The purpose of this document is to outline the safety benefits that can result from road managers applying the principles of Western Australia’s Towards Zero road safety strategy.

Roads and roadsides and traffic safety

The quality of road infrastructure design plays a fundamental role in crash risk and in the severity of injuries in the event of a crash.  This role is critical in two instances: in the initial design of the road and in the subsequent treatment of sites with high crash risk or incidence (blackspots).

The importance of improved road design can be demonstrated by black spot program evaluations which show that casualty crash frequency has been reduced on average by around 25-35% across all types of treatment, and by up to 90% for the best-performed countermeasures such as roundabouts and flexible roadside barriers (e.g., Scully, Newstead, Corben & Nimmi, 2006). Evaluations of best practice infrastructure improvements typically show Benefit-to-Cost Ratios (BCR) of around fiveto-one and even higher ratios for the best performing components of black spot programs.

These results show that substantial reductions in road trauma are readily achievable where design standards are improved, with the greatest gains being made where best practice is adopted.  Best practice features introduced at the early design stage reduce both human and financial costs of road trauma that otherwise inevitably occur before accident black spot programs are able to detect and then address poor safety performance. Further, retro-fitting best practice designs can be costly and sometimes unaffordable, leaving road managers with little option but to reduce speed limits if improved safety is to be achieved.  The trade-off between accessibility and safety then becomes a critical issue for debate and resolution.

To avoid burdening future generations with today’s (or worse, growing) levels of road trauma and the associated high costs of retro-fitting safety to Australia’s road network, it is essential that current design standards and practices are critically reviewed to meet Australia’s road safety vision to create a truly Safe System.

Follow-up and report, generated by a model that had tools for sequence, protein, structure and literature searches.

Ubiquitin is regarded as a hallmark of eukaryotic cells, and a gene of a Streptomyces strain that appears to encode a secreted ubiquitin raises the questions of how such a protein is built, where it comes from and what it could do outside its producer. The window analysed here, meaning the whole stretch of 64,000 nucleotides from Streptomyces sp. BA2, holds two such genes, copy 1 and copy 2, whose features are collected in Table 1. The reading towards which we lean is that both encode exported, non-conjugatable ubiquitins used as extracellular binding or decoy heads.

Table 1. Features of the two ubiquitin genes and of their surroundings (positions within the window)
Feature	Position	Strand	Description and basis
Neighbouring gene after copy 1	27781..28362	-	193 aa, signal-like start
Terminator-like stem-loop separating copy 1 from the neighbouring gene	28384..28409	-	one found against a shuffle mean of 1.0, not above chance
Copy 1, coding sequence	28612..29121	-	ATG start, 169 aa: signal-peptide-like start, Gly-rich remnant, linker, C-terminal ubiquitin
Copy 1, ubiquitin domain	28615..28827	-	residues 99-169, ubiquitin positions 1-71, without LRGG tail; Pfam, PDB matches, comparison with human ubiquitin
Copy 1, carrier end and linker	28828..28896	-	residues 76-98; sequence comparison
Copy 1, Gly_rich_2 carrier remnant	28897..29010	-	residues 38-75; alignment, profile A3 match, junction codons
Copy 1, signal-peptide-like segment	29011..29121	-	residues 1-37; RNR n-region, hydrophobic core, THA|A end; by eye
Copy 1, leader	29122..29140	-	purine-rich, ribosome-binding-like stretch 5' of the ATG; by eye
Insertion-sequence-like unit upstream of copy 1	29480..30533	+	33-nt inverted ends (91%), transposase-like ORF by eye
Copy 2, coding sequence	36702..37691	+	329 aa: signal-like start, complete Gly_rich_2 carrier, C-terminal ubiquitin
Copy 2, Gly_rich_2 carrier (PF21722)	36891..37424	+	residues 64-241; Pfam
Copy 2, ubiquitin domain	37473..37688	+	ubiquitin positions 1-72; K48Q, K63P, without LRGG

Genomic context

Safe road and roadsides – designing for Towards Zero in Western Australia Western Australia’s Towards Zero road safety strategy emphasises the need for roads to be forgiving of human errors. Road and roadside design practices must be transformed to ensure that these mistakes do not result in the loss of life or long-term health.  To meet this challenge using a Safe System strategy, physical design features need to be considered in conjunction with kinetic  energy or, in more common terms, vehicle speeds if a truly forgiving environment is to be produced.

Main Crash Types

Roads comprise two main elements: intersections and road lengths between intersections.  Analyses of Western Australia’s serious casualty problem for the period 2005 to 2007 found that some 33% of serious casualties occurred at intersections, rising to 44% in metropolitan Perth (Corben, Logan, Johnston & Vulcan, 2008).  A further 33% of serious casualties resulted from run-off-road crashes and in regional Western Australia, the run-off-road problem contributed almost 40% of all serious casualties.

Crash types at intersections that typically produce the most severe consequences include crosstraffic and side-impact crashes arising from turning right against on-coming traffic.  At some locations, crashes involving pedestrians can be both prevalent and severe.

Along road lengths, the predominant crash types producing serious casualties are single-vehicle crashes into trees, poles, embankments and other roadside hazards, or involve over-turning. Headon collisions also produce serious casualties, making up 8% of regional serious casualties (Corben et al., 2008).  In urban settings, pedestrian collisions are also common along road lengths and in metropolitan Perth account for approximately 10% of all serious casualties.

Biomechanical Limits of Humans to Crash

Violence These dominant crash types provide initial guidance for improving road and roadside design. Our knowledge of humans’ biomechanical tolerance of the forces, levels of acceleration and kinetic energy involved in key crash types also assists in designing a traffic system that minimises the loss of life and health.